I recently created a Tumblr page for The Second Achilles. As well as being a place to reblog pictures of the great man himself I also use the page to reblog other classically related pictures and pictures that really have no place there but which I like anyway. For example, a few days ago, I found a still from one of my favourite films – Fried Green Tomatoes at the Whistlestop Café. No connection to ancient Greece at all (that I can think of, anyway) but I wasn’t going to miss an opportunity to reblog it, anyway.
The following detail comes from Tumblr. It is a detail from Caravaggio’s Judith Beheading Holofernes.
I was immediately struck by Judith’s expression. Her brow is furrowed, she is concerned; indeed, it feels like she is ageing ten years before our very eyes. And no wonder for at this moment she is cutting Holofernes’ head off. What I don’t see in this detail is fear or regret. There is a steeliness in her face, a determination to see her deadly job through.
The reason why the close up of Judith jumped out at me is because it tangentially recalled to mind a moment from Michael Wood’s documentary on Alexander (2005). In the first episode, he visits an (unnamed) Greek archaeologist who shows him a little carving of the nineteen or twenty year old Alexander’s head, which was found on a banqueting couch in Philip II’s tomb. Wood says he has a ‘sensitive face’ and compares it to a bust of the thirty year old Alexander who looks like ‘a troubled man’. If you would like to watch the sequence, it begins at 6:47 in the video below.
I suppose the reason why Caravaggio’s painting reminded me of the carving and sculpture of Alexander is because of the way he, Alexander, goes from being young and carefree in the former to old and worn in the latter. By contrast, Caravaggio manages to achieve a broad range of emotion in just the one image. And he makes Judith look so beautiful as well!
It would be unfair to say that this makes the Italian a better artist than Alexander’s sculptors. They were, no doubt, working to very different rules than Caravaggio but the detail happily reminds me of why Caravaggio is such a great artist and makes me now want to go and look at some of his other paintings again.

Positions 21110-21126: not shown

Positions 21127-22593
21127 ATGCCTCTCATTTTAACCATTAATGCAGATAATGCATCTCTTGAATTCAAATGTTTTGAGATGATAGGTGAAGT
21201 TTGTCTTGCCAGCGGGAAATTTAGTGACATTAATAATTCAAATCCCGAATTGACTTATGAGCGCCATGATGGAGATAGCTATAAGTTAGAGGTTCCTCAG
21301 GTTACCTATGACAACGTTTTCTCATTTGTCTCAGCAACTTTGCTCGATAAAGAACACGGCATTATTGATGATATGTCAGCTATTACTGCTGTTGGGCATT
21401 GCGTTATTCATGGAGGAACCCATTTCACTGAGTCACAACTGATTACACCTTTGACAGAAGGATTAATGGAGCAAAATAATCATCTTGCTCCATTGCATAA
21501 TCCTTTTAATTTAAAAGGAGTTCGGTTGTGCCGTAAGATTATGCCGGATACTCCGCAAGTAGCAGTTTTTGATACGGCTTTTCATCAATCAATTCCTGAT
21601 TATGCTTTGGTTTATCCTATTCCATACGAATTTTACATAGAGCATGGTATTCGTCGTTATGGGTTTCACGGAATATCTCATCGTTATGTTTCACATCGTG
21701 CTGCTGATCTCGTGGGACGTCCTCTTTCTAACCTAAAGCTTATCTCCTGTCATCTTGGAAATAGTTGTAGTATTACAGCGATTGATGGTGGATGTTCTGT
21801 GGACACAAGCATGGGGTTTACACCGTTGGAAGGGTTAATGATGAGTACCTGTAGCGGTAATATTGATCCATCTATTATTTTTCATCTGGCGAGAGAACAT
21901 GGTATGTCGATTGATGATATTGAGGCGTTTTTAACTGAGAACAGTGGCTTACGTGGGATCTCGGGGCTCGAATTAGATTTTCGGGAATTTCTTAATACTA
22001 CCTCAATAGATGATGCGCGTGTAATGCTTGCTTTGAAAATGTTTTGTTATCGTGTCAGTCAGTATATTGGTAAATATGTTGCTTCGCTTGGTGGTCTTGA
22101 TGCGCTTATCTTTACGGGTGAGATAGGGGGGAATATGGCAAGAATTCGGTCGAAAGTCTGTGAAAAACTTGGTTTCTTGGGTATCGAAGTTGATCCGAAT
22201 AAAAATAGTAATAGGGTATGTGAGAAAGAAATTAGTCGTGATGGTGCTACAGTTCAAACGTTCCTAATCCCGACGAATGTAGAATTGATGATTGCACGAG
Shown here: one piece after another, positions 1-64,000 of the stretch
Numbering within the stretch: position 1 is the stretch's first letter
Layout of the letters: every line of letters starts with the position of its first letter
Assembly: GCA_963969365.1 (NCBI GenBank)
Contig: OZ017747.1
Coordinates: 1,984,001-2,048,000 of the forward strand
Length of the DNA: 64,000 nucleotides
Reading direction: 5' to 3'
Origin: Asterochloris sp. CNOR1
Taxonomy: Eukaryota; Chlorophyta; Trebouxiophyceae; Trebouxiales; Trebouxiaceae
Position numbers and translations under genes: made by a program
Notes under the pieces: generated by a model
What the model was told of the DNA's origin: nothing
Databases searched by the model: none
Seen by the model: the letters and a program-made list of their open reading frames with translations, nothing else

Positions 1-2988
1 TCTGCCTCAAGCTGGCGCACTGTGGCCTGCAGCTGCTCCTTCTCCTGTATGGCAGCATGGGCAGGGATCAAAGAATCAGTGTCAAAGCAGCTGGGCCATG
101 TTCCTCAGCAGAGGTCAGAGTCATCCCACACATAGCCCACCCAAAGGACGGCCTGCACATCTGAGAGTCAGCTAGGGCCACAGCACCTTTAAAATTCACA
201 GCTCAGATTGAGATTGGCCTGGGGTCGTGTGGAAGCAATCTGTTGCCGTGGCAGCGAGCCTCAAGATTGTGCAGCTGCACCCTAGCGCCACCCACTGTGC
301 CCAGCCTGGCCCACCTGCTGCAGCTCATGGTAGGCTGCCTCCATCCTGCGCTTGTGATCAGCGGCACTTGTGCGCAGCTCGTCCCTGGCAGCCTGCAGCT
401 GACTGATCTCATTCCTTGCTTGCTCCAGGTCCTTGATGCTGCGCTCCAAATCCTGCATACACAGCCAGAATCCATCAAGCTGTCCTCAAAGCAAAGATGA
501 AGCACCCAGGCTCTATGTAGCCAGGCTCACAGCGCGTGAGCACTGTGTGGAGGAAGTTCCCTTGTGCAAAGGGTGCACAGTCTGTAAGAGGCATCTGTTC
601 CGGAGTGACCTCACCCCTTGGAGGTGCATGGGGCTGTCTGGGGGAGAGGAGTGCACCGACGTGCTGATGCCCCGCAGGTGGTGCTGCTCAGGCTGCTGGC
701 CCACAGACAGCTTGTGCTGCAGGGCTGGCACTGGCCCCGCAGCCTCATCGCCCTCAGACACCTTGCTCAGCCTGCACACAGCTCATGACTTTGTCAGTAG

On a personal note – I first read Judith’s story when I studied the Anglo-Saxon poem at university. It stayed in my mind because the poet calls refers to Judith as ‘ælfscinu’ – elf shining – which (I am trusting to memory here) given that the Anglo-Saxons were not keen on elves and elvish things seemed an odd choice of word to use. Perhaps by the time the poet (Cynewulf) wrote his poem ælfscinu had changed its meaning?
It’s interesting to see you delving into the deuterocanon again. Good commentary on the faces. I’m not familiar with the poem, but it seems that this and a good many of the works of art tend to differ in certain details from the book Judith, but not in ways that are part of the detail you consider here. As for the detail, though, it strikes me as a faithful presentation of Judith in the book, and this ties in with your comparison to Alexander as well. She prays for strength and specifically says that he deeds are for the glory of Jerusalem: she has the cares of a people upon her, perhaps not unlike the older Alexander would have taken on far greater cares at thirty than he would have known at twenty.
Thank you very much for your comments. As it happens I wrote this post before last week’s on Alexander in Maccabees (which came about as a result of happily finding his name in Monday’s OT reading and thinking ‘I must blog about that!’); that aside, I’m glad you liked it. I always approach discussions on art with much trepidation as I have no experience in that line and don’t know any of the terminology. I certainly agree with your comparison of Judith and Alexander, though I wonder how much of Alexander’s cares were the result of his hard living.